June 15, 2017).
37 Id., 13.
38 Adam Graycar, Do we really need a federal ICAC?, The Age (11 September 2014).
39 Id., 19.
40 Id., 21.
41 Id., 24-25.
42 Id., 31.

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About:
Author
Anita Das is a summer research fellow at the Center for the Advancement of Public Integrity and a recent LL.M.
graduate of Columbia Law School. Previously, Das interned at the United Nations, serving in the Office of Internal
Oversight Services in the Investigations Division. Prior to her attendance at Columbia Law School, Das worked as
an Associate to the Honourable Justice Almond of the Supreme Court of Victoria in Melbourne, Australia, and as a
solicitor at Herbert Smith Freehills. Das received her Bachelor of Laws and Bachelor of Arts degree from the
University of Melbourne.

What is CAPI?
The Center for the Advancement of Public Integrity is a nonprofit resource center dedicated to improving the
capacity of public offices, practitioners, policymakers, and engaged citizens to deter and combat corruption.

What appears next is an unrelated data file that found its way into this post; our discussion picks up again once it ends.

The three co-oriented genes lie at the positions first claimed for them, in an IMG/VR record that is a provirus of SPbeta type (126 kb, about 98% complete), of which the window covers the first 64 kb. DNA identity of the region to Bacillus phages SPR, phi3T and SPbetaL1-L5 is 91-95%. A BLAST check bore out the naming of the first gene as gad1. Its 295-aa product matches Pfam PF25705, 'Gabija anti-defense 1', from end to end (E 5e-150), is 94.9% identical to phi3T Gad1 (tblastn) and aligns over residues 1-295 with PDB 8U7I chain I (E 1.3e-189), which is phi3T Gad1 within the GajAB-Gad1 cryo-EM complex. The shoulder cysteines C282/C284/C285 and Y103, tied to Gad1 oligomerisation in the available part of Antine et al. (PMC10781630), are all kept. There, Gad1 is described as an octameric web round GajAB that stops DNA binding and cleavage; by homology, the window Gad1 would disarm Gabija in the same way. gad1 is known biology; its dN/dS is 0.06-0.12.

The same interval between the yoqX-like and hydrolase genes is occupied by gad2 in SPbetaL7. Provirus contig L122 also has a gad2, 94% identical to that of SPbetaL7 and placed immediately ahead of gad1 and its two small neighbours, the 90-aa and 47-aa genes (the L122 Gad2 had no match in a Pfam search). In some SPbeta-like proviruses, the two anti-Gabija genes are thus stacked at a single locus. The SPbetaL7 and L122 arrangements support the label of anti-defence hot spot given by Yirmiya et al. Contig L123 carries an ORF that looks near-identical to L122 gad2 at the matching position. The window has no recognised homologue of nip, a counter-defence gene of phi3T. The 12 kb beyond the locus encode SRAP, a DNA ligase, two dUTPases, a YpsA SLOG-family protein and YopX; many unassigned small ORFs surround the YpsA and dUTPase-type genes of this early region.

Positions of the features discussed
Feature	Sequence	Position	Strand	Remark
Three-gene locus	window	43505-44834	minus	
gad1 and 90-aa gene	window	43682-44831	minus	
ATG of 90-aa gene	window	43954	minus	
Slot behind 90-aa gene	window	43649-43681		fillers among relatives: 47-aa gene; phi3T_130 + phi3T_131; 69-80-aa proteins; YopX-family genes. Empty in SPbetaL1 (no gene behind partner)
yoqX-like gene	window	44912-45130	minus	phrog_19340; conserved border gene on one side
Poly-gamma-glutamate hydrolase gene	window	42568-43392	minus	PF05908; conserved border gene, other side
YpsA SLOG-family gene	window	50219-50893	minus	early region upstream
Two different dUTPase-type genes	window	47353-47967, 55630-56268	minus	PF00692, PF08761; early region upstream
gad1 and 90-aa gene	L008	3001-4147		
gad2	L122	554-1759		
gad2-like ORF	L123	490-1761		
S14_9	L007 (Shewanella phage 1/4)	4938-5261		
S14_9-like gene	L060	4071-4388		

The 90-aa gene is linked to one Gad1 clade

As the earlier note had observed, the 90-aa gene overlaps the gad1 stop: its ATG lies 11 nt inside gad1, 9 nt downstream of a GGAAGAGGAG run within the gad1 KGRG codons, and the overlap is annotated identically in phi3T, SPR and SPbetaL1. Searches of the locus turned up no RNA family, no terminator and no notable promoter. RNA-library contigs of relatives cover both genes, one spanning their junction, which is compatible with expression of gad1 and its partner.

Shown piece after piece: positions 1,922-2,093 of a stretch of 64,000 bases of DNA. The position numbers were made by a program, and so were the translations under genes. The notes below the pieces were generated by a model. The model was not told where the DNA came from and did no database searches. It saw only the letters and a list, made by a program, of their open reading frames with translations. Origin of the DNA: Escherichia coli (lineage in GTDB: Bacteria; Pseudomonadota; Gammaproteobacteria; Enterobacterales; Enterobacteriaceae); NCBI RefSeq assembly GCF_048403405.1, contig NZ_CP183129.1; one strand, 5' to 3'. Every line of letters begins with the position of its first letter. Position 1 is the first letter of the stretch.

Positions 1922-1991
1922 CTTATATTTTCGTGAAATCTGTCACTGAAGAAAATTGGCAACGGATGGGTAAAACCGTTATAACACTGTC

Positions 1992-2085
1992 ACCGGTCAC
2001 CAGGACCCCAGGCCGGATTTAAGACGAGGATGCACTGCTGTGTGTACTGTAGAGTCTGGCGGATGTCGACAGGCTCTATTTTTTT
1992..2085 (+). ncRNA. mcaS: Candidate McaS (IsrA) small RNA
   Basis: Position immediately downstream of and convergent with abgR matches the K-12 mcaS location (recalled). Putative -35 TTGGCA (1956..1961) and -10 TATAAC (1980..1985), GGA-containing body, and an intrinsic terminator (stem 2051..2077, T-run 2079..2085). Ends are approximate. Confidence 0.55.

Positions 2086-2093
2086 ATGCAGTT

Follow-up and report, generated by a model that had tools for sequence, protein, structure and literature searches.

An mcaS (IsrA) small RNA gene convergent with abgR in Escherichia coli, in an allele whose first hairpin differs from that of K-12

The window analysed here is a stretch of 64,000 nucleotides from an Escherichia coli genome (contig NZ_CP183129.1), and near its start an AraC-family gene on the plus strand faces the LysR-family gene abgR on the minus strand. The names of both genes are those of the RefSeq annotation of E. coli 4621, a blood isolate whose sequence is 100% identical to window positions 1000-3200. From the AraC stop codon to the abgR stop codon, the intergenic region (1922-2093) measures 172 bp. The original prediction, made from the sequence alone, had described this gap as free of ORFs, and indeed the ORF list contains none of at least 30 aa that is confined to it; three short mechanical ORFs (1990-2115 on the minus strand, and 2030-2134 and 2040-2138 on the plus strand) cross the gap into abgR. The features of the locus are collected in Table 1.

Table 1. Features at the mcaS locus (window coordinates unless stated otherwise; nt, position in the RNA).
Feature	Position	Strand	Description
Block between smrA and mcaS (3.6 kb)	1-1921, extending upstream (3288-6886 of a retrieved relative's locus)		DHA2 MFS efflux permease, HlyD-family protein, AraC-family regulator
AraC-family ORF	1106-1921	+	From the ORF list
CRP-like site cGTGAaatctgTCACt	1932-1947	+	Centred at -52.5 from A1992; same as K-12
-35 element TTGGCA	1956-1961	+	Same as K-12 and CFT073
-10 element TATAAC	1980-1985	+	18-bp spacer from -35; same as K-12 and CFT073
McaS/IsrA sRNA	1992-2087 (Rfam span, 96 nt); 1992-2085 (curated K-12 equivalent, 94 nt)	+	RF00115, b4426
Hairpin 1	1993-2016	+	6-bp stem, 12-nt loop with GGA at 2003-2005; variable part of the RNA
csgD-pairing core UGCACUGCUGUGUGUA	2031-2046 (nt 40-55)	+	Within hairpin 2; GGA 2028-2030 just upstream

Established as partnership between the New York City Department of Investigation and Columbia Law School in
2013, CAPI is unique in its city-level focus and emphasis on practical lessons and tools.

Published: July, 2017 by the Center for the Advancement of Public Integrity at Columbia Law School.
Available at www.law.columbia.edu/CAPI.

This publication is part of an ongoing series of contributions from practitioners, policymakers, and civil society
leaders in the public integrity community. If you have expertise you would like to share, please contact us at
CAPI@law.columbia.edu.

The series is made possible thanks to the generous support of the Laura and John Arnold Foundation. The views
expressed here are solely those of the author and do not necessarily represent the views of the authors organization
or affiliations, the Center for the Advancement of Public Integrity, Columbia Law School, or the Laura and John
Arnold Foundation.

2017. This publication is covered by the Creative Commons Attribution-No Derivs-NonCommercial license (see http://creativecommons.org). It
may be reproduced in its entirety as long as the Center for the Advancement of Public Integrity at Columbia Law School is credited, a link to the
Centers web page is provided, and no charge is imposed. The paper may not be reproduced in part or in altered form, or if a fee is charged, without the